More of This Justice Thurgood Marshall offers hope for the future of abortion
On Friday, the Supreme Court’s decision in Dobbs v. Jackson Women’s Health Organization rescinded the fundamental right to abortion, extended by the court in Roe v. Wade in 1973. As feminist legal scholars, activists and jurists reconfigure their thinking to meet this new moment, they might find a path forward in a surprising place — the work of Justice Thurgood Marshall.
Marshall, who served on the court from 1967 to 1991, is almost exclusively remembered for his pathbreaking work as a civil rights lawyer — especially arguing before the Supreme Court in Brown v. Board of Education. But after becoming a Supreme Court justice, Marshall focused on securing equality under the law in numerous areas. In fact, he wrote a crucial opinion in a case on gender equality that offers an alternative rationale for abortion rights at a time when the feminist legal movement needs all the help it can get to restore this fundamental right.
Marshall played an integral role in the right to abortion from the earliest stages. His biographer, Juan Williams, notes that he and Justice William Brennan were instrumental in convincing Justice Harry Blackmun, who wrote the majority decision in Roe v Wade, to extend the ruling’s protection to include the second trimester of pregnancy, a move that especially benefited poor women whose access to health care was often delayed. A few years later, Marshall was on the losing side of Maher v. Roe, a case about the constitutionality of using Medicaid to fund abortions. In his scathing dissent, he attacked the “ethical bankruptcy” of the decision, emphasizing that, “The enactments challenged here brutally coerce poor women to bear children whom society will scorn every day of their lives.”
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Less of This… Get ready for a wave of mass incarcerations
Picture a court of law, jury in place, set to determine the fate of a woman who has had a miscarriage. And she's been charged with murder.
This hypothetical is part of how the National Association of Criminal Defense Lawyers (NACDL) is training its members to prepare for a possible wave of criminal charges as the Supreme Court overturns Roe v. Wade.
Only it's not a hypothetical — this happened in 2019. After a California woman delivered a stillborn baby at 8 months, she tested positive for meth at the hospital and the staff called the police. The Kings County prosecutor charged her with the "murder of a human fetus" and she spent 16 months in jail before the charges were dismissed.
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Say it Louder SCOTUS has become an illegitimate institution
As of 24 June 2022, the US supreme court should officially be understood as an illegitimate institution – a tool of minority rule over the majority, and as part of a far-right ideological and authoritarian takeover that must be snuffed out if we want American democracy to survive.
On Friday, in Dobbs v Jackson Women’s Health, the supreme court overruled its nearly 50-year precedent of Roe v Wade, the 1973 case that legalized abortion nationwide. It is difficult to overstate just how devastating this is for pregnant people, for women as a class and for anyone with even a passing interest in individual freedom and equality.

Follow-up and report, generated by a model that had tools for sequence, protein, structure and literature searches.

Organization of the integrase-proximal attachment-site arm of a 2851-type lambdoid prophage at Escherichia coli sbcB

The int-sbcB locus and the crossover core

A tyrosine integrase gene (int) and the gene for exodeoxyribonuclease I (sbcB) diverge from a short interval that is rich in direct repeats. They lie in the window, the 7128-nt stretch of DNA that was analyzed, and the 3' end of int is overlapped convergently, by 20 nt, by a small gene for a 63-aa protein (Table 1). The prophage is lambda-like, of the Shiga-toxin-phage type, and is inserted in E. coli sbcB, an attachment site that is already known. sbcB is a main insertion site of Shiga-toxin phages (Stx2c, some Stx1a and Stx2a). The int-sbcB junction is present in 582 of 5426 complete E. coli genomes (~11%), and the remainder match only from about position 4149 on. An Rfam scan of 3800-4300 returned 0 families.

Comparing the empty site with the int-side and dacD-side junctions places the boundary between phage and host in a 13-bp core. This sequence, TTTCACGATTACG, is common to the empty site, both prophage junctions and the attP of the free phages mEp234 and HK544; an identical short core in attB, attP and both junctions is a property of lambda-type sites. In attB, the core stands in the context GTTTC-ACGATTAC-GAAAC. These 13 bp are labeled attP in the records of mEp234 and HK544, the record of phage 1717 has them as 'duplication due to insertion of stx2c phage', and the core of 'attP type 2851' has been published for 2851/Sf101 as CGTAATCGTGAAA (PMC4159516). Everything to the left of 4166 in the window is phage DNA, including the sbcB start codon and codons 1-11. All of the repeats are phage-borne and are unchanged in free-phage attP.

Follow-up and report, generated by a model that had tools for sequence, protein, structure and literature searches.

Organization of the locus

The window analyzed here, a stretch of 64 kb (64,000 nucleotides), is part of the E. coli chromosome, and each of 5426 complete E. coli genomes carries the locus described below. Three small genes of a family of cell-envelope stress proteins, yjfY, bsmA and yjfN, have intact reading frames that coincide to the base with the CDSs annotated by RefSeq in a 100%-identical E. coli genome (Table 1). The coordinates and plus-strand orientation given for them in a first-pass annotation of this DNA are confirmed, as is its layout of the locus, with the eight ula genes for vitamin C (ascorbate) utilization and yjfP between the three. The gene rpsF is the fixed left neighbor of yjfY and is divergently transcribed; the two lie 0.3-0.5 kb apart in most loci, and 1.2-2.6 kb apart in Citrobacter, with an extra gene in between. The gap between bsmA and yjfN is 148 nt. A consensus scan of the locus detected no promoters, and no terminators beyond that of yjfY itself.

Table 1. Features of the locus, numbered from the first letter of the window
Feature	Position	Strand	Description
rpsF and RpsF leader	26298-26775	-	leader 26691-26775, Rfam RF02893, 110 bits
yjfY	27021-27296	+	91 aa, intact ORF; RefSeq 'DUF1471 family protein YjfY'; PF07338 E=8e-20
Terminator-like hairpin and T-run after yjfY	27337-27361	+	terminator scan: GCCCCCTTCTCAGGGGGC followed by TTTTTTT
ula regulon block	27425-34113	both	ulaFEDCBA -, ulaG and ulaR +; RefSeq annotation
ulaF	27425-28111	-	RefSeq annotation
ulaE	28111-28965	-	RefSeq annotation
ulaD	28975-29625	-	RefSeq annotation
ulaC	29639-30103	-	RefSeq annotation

But it’s also devastating for those of us who care quite a bit about American democratic traditions and the strength of our institutions. Because, with this ruling, the supreme court has just signaled its illegitimacy – and it throws much of the American project into question. Which means that Democrats and others who want to see America endure as a representative democracy need to act.
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Speaking Of… Clarence Thomas said the quiet part out loud
On Friday morning, the Supreme Court issued its opinion overturning Roe v. Wade and Planned Parenthood v. Casey—the two decades-old Supreme Court cases that together guaranteed abortion rights in America. The opinion, authored by Justice Samuel Alito, undoes the constitutional right to abortion and returns the right to regulate the procedure to individual states. The decision will likely lead to the criminalization of abortion, at all stages of pregnancy, in about half of the United States.
When news of this was revealed in a leaked opinion in May, advocates made clear that if Roe were to be overturned, it could lead to the decimation of other Supreme Court cases that depend on the same legal principle: these include Griswold, which guaranteed marital couples the right to use contraception; Lawrence, which undid sodomy prohibitions in the US: and Obergefell, which legalized same-sex marriage nationwide.
In their dissent, the three liberal justices make this same point. But in his opinion, Alito pinkie swears that this is not what is afoot here: “The dissent suggests that our decision calls into question Griswold, Eisenstadt, Lawrence, and Obergefell. But we have stated unequivocally that ‘[n]othing in this opinion should be understood to cast doubt on precedents that do not concern abortion.’ ”
On Friday morning, Alito’s conservative colleague on the court, Justice Clarence Thomas, disagreed with that. In his own individual opinion, Thomas wrote that, in fact, overturning Roe should only be the first step. “In future cases, we should reconsider all of this Court’s substantive due process precedents, including Griswold, Lawrence, and Obergefell,” he writes. “Because any substantive due process decision is ‘demonstrably erroneous.’”
Read the Story on Mother Jones